Friday, December 01, 2006

Where's our snow?

I'm a little disappointed, to be honest, that we didn't get any snow in Iowa, at least not where I live. They told us we probably would and then there was none. It all went to the East...Illinois, Wisconsin, and Michigan. I look out and there's a lot of cold students walking past my window and the grass still has a bit of green in it, although even that is beginning a turn to the deadly brown of winter. I like the first snow and then I'm ready for spring. The snow is so clean and pure. Maybe I should realize that the first snow is just being put off for a while and be happy that every snowfall that misses us is just putting winter off a little while longer.

Tuesday, November 28, 2006

From Catholic World News

Nov. 27 (AsiaNews) - Chinese officials plan to install another Catholic bishop without the permission of the Holy See, the AsiaNews service reports.

Apparently breaking a "truce" with the Vatican, which had stopped the illicit ordination of new bishops, Bishop Qian Yurong of Xuzhou will ordain his vicar general, Father Wang Renlei, as a bishop on November 30, reliable sources told AsiaNews.

Canon law bars the ordination of a new bishop without approval from the Vatican; the ordinary punishment for violation of that ban is excommunication. Chinese government officials said that the bishop-elect was chosen "democratically;" AsiaNews reports that the choice was made by the government's religious-affairs bureau.

Bishop Qian, a strong supporter of the Chinese government, is one of the relatively Chinese bishops of China's "official" Catholic Church who have not sought recognition from the Holy See, AsiaNews reports.

A book by the Pope....

I got an email from a friend that said Benedict is going to carry on the tradition of his predecessor of releasing a theological book aside from his formal theological tretises. John Paul II released two books, one called "Crossing the Threshold of Hope" and "Rise, let us be on our way" that were both personal reflections, basically. It's very interesting to think about the idea of a book in the context of papal documents but I'll spare you the disagreement over canonical identification. Instead, I am saying that I can't wait until I get to read this because it deals with understanding Jesus. Given the patently false assumptions that are out there by folks like Dan Brown, the Pope is going to address people that can't imagine the historical/church understanding of Jesus to be true. Here is a quote from what may be the introduction....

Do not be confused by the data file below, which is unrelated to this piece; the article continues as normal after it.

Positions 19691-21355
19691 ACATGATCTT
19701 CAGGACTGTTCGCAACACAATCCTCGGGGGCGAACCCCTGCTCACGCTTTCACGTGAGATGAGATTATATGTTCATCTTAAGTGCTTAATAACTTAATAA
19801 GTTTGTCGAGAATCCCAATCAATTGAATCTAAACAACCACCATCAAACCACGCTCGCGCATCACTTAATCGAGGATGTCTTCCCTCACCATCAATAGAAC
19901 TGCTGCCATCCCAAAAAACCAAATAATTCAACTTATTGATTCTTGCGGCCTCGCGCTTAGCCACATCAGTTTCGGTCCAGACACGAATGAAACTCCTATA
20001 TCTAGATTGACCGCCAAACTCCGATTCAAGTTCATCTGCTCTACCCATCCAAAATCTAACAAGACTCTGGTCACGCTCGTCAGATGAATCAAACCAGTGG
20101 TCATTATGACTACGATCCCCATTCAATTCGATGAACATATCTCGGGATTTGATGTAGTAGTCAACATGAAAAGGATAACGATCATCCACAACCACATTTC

"Less justified in an historical "inquest" on Jesus, it seems to me, is the care with which Augias collects all of the insinuations about the presumed homosexual bonds existing among the disciples, or between Jesus and "the disciple whom he loved" (but wasn't he supposed to be in love with the Magdalene?), as also the detailed description of the sordid episodes of some of the women in the genealogy of Christ. One has the impression that this inquest on Jesus sometimes turns into gossip about Jesus.

But the phenomenon has an explanation. There has always existed the tendency to dress Christ in the clothing of one's own time or one's own ideology. In the past, as arguable as they were, there were serious causes of great depth: Christ as idealist, socialist, revolutionary... Our age, which is obsessed with sex, is unable to think of him except in relation to emotional problems. I believe that the combination of an openly alternative journalistic outlook together with an historical view that is also radical and minimalistic has produced a result that is on the whole unacceptable, not only for the man of faith, but also for the historian."